Chapter

Cover The Globalization of World Politics

28. Global trade and global finance  

Matthew Watson

This chapter explores important issues in the conduct of global trade and global finance. In particular, it looks at how the Covid-19 pandemic has changed the experience of global trade and global finance in recent years. It asks why the global economy is so good at allowing some people to own untold riches while many others have too little money to meet basic subsistence needs, and whether the world would be better or worse off without the institutions of global economic governance. After discussing the globalization of trade and finance, the chapter considers the regulation of global trade and global finance. Two case studies are presented, one dealing with the Covid-19 vaccination programme and global economic recovery and another looking at US President Joe Biden's proposed global minimum corporate tax rate.

Chapter

Cover Politics in the Developing World

29. China and the Developing World  

Deborah Bräutigam and Yunnan Chen

This chapter examines China’s South–South relations and how it has been shaped by the nature of the Chinese state: a highly capable, developmental state that uses an array of instruments to promote its interests. In particular, it considers how, by means of foreign aid, economic cooperation, soft power, and trade, China aspires to be seen as a responsible global power. The chapter first looks at the history behind China’s engagement with countries of the Global South and the instruments that it has employed in this regard such as foreign investment, commercial loans, and soft power tools. It shows that Chinese ties with the developing world are shaped by long-standing foreign policy principles, including non-interference in the internal affairs of others, equality, and mutual benefit, along with its embrace of globalization and the growth of its multinational corporations. The chapter concludes with an assessment of concerns regarding China’s international engagement.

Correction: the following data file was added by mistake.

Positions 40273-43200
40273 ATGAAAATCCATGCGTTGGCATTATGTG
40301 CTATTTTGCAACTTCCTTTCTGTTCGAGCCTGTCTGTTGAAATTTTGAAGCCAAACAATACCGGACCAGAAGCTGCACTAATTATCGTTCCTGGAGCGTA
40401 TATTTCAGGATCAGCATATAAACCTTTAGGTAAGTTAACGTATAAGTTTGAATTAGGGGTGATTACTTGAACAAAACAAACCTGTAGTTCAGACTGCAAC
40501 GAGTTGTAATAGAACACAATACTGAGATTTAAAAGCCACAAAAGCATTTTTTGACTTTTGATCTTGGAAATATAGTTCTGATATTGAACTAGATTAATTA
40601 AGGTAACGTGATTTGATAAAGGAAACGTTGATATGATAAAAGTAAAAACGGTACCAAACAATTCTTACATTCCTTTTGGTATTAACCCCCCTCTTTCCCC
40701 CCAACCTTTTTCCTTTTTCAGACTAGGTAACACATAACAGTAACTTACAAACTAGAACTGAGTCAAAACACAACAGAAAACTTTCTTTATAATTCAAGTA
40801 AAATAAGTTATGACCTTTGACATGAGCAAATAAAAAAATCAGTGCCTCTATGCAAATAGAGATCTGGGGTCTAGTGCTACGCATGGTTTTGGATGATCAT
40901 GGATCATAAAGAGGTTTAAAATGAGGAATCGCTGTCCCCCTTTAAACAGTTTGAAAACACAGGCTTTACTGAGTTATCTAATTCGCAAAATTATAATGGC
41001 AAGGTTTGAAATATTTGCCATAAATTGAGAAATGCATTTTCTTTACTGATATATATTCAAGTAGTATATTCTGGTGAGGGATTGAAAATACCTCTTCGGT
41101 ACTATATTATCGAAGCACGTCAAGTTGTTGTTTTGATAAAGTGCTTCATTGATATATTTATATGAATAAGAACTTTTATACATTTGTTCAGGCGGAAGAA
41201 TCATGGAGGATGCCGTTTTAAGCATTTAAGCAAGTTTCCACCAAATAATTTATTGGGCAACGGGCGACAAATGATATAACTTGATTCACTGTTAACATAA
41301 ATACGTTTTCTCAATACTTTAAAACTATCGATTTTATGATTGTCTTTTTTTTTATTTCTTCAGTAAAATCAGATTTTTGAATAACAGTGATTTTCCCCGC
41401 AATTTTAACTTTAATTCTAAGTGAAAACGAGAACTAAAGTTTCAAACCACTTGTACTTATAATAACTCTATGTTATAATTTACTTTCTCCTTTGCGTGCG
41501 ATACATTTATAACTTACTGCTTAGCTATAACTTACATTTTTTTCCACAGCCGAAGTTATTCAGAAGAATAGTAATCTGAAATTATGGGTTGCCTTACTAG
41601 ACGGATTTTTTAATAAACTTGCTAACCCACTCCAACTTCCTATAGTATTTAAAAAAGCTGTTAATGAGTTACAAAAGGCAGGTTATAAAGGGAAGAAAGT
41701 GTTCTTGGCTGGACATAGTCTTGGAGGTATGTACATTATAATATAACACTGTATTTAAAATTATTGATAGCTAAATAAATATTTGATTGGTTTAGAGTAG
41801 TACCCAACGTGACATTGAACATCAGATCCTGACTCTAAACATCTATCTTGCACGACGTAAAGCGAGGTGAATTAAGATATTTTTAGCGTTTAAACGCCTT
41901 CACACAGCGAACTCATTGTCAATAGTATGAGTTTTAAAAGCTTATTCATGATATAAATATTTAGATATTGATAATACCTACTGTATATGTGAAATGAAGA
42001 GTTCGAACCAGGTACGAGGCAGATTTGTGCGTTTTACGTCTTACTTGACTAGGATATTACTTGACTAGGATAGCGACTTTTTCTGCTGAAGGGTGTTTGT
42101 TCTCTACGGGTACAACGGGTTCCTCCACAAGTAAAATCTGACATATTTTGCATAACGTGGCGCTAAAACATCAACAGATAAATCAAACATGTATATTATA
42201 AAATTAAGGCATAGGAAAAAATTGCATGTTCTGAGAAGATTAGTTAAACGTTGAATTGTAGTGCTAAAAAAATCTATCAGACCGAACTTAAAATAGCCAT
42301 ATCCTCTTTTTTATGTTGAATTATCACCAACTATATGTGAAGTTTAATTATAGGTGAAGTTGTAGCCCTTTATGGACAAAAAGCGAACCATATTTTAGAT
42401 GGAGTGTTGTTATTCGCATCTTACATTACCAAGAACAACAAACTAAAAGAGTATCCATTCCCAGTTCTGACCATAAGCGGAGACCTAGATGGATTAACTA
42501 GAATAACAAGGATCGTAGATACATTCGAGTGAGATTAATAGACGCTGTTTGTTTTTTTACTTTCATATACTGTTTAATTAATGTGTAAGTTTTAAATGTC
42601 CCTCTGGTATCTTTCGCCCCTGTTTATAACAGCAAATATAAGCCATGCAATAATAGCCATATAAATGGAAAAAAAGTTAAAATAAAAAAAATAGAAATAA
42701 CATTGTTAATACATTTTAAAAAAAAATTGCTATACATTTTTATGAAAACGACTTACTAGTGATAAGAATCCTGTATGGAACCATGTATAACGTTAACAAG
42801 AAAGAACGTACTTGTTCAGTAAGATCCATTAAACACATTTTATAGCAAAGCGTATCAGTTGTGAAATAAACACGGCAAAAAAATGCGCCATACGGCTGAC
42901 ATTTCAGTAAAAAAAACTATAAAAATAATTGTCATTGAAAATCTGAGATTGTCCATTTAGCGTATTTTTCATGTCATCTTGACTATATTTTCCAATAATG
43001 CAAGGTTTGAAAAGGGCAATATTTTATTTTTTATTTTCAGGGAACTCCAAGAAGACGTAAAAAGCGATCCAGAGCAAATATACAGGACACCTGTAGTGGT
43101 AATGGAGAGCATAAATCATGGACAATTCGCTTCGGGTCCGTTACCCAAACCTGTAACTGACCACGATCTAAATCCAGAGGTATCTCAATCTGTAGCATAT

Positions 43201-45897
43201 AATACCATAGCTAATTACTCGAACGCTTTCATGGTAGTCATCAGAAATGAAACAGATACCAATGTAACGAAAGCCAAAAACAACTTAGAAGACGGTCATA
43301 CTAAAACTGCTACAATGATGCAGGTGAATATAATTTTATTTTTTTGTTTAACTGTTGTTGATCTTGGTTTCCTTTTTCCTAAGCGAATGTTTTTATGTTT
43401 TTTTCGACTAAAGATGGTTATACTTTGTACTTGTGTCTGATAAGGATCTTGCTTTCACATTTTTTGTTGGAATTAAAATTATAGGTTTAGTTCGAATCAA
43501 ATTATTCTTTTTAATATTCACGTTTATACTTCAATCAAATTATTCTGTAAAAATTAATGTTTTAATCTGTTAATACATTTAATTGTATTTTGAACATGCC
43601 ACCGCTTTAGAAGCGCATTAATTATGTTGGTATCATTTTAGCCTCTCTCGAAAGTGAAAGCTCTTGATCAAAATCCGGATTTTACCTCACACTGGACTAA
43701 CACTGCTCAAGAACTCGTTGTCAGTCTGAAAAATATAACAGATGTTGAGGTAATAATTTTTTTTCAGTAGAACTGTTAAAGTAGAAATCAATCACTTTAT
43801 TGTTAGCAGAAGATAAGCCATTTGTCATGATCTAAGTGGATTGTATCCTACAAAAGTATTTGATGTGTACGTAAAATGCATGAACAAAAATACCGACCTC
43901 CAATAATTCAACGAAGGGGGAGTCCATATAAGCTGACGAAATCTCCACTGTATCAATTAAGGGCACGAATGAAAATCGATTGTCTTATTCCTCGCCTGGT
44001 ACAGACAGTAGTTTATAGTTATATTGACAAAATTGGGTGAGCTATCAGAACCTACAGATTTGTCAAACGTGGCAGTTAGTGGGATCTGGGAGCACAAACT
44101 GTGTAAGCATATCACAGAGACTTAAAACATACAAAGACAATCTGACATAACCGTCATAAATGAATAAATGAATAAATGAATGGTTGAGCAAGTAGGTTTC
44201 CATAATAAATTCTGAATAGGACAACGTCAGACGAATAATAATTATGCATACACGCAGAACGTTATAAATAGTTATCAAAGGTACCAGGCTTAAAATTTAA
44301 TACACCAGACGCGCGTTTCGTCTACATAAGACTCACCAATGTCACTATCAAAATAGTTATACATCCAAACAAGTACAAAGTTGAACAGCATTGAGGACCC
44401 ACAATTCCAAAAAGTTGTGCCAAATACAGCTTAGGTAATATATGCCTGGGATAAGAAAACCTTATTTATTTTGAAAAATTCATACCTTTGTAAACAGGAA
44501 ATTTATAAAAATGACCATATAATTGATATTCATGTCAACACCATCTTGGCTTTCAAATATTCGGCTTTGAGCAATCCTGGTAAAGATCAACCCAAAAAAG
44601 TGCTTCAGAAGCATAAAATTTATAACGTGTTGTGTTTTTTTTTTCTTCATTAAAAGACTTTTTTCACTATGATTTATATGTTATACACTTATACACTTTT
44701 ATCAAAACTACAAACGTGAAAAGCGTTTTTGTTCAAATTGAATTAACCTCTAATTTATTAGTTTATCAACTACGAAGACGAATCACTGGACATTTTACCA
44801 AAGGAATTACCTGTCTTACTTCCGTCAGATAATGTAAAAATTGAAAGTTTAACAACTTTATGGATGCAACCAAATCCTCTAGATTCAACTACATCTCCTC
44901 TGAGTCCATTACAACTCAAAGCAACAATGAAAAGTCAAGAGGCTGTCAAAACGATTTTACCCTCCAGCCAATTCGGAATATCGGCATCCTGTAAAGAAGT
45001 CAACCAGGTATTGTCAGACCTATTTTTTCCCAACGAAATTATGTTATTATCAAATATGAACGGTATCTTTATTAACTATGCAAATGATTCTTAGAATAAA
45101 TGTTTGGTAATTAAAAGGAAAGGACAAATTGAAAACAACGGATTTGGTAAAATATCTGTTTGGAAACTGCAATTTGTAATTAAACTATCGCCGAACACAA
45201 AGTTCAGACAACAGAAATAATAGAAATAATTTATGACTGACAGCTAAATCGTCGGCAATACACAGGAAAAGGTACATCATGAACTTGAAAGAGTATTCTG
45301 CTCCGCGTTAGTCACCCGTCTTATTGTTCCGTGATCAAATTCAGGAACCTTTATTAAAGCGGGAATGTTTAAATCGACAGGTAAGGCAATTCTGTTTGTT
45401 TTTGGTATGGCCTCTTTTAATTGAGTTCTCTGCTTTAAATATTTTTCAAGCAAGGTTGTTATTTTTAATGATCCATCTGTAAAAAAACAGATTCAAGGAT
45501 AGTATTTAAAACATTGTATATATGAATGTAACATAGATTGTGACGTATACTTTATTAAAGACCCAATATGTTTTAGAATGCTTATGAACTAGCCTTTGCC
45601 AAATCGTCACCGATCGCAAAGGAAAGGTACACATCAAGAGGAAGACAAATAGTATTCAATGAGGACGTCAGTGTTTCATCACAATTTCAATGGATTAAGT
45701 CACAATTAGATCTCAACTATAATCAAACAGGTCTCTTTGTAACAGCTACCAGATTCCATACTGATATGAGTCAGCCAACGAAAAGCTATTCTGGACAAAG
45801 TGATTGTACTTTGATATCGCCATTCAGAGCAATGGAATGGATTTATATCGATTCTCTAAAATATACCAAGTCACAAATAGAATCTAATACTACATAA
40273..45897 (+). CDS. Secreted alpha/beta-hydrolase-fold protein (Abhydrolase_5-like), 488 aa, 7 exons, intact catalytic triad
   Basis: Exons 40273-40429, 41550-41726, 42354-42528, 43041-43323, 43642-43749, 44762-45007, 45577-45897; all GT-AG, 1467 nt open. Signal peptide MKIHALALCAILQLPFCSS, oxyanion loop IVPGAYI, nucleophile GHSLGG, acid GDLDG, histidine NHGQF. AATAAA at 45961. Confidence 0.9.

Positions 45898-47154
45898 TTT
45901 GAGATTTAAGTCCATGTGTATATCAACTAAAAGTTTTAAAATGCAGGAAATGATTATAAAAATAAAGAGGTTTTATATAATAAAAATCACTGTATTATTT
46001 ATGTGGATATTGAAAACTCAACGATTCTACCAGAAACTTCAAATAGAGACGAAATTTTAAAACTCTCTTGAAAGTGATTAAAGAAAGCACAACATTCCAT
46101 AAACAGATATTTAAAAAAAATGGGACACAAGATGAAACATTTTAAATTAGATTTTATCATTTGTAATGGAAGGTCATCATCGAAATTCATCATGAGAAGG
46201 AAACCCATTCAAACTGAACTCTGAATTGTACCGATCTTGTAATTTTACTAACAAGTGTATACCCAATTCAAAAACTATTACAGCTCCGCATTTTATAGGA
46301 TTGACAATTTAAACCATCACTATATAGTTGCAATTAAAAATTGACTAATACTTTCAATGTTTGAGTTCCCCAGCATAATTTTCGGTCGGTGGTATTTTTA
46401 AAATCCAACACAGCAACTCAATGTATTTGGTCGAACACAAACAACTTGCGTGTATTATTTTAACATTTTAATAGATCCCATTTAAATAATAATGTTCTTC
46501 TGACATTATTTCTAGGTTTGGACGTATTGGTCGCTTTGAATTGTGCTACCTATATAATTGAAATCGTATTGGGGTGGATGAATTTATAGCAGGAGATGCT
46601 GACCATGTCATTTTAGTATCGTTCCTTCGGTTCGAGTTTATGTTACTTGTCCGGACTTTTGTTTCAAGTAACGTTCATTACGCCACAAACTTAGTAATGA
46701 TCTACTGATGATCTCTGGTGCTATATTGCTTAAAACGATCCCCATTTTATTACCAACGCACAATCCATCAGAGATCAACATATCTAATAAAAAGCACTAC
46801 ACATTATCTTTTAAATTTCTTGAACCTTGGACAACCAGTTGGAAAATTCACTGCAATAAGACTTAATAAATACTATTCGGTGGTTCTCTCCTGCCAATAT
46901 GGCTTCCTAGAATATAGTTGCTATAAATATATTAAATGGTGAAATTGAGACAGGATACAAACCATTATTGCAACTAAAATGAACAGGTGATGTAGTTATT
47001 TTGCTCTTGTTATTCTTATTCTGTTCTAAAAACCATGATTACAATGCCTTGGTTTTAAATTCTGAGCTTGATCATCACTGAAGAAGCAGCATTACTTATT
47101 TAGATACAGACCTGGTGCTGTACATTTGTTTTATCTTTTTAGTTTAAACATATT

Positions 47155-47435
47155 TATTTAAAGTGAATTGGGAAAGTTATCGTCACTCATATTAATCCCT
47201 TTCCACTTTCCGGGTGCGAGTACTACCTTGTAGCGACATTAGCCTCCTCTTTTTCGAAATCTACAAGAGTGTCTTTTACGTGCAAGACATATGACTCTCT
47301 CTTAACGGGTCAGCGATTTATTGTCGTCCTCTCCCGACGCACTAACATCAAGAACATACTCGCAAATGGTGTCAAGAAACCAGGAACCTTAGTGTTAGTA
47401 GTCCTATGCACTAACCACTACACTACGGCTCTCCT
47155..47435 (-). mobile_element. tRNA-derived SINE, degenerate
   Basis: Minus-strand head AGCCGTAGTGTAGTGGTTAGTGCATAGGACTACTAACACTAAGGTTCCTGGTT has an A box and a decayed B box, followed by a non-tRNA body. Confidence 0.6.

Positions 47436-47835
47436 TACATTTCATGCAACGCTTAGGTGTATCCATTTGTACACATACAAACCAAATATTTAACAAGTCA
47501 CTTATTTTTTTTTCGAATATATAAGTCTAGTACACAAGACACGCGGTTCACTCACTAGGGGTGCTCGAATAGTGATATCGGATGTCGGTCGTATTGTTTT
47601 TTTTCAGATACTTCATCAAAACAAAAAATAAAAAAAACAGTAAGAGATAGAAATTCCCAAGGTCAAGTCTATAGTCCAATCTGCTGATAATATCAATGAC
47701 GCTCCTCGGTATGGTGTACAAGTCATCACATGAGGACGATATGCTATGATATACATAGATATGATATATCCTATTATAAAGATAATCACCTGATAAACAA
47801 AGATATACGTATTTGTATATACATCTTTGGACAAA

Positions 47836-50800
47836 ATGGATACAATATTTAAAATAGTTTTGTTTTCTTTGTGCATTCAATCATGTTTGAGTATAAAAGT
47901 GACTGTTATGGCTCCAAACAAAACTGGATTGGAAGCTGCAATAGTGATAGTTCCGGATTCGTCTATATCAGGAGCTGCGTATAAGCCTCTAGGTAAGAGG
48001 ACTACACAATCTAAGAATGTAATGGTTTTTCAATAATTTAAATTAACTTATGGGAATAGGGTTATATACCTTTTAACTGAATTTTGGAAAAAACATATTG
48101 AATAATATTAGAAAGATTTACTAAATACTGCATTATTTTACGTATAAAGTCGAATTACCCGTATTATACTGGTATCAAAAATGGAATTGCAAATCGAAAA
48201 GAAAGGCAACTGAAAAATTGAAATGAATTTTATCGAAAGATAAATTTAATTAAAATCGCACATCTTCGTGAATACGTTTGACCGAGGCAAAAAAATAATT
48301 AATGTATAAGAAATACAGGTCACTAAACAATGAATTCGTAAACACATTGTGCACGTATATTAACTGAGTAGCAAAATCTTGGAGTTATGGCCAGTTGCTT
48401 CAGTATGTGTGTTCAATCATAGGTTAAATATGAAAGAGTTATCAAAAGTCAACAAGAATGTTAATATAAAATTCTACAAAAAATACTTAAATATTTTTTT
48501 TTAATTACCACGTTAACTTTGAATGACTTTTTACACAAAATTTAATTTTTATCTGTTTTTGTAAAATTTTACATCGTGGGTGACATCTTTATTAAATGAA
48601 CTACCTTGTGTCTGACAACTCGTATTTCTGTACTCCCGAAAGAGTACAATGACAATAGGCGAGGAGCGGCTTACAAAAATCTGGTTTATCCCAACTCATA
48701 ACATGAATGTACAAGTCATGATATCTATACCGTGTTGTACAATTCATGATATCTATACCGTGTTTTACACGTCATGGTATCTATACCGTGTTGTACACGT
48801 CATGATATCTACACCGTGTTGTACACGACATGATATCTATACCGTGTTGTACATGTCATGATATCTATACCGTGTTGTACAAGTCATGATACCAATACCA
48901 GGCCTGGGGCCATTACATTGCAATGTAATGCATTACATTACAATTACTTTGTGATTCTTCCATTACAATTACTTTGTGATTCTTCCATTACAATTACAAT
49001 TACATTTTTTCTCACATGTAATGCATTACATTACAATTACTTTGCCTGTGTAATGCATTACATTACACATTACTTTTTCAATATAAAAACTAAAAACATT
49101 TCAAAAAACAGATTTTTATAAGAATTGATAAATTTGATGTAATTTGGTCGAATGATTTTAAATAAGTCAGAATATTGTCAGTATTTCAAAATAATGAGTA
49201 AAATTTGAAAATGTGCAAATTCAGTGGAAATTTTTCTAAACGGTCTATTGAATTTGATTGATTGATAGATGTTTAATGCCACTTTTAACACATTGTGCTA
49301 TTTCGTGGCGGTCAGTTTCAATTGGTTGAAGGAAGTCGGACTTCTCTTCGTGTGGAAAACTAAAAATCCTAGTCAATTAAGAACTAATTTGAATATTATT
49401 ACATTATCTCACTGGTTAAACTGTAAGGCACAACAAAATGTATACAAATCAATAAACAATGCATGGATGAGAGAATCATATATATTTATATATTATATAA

Chapter

Cover Human Rights: Politics and Practice

16. Human Trafficking  

Andrea M. Bertone

This chapter examines how the international community has defined and framed the issue of human trafficking over the last century, and how governments such as the United States have responded politically to the problem of human trafficking. Contemporary concerns about trafficking can be traced back to a late nineteenth-century movement in the United States and Western Europe against white slavery. White slavery, also known as the white slave trade, refers to the kidnapping and transport of Caucasian girls and women for the purposes of prostitution. The chapter first considers the definitions of human trafficking before discussing the anti-white slavery movement and the increase in international consciousness about the trafficking of women. It then traces the origins of the contemporary anti-human trafficking movement and analyses how trafficking emerged as a global issue in the 1990s. It also presents a case study on human trafficking in the United States.

Chapter

Cover US Foreign Policy

24. The future of US foreign policy  

Anatol Lieven

This chapter considers future prospects for US foreign policy on the basis of long-established patterns and other factors such as the interests and ideology of elites, the structures of political life, the country’s real or perceived national interests, and the increasingly troubled domestic scene. It first examines the ideological roots of US foreign policy before discussing some of the major contemporary challenges for US foreign policy, including relations with China, US military power, and the US political order. It then describes the basic contours of US foreign policy over the next generation with respect to the Middle East, the Far East, Russia, Europe and the transatlantic relationship, climate change, and international trade. It also presents catastrophic scenarios for American foreign policy and argues that there will no fundamental change in US global strategy whichever of the two dominant political parties is in power.

Chapter

Cover Contemporary Security Studies

25. The Weapons Trade  

Suzette R. Grillot

This chapter provides an overview of the international weapons trade. A history of the global arms trade is offered, highlighting the various ways in which the trade in defence and military equipment has shifted throughout the years until the present day. The chapter outlines the ways in which weapons are illicitly traded and addresses the connections between legal and illicit arms markets. Finally, the chapter addresses the many attempts that have been made in recent years to control the international arms trade, as well as prospects for its future regulation. What emerges is a rather complex picture of the global arms trade that requires attention to numerous facets involving both weapons supply and demand.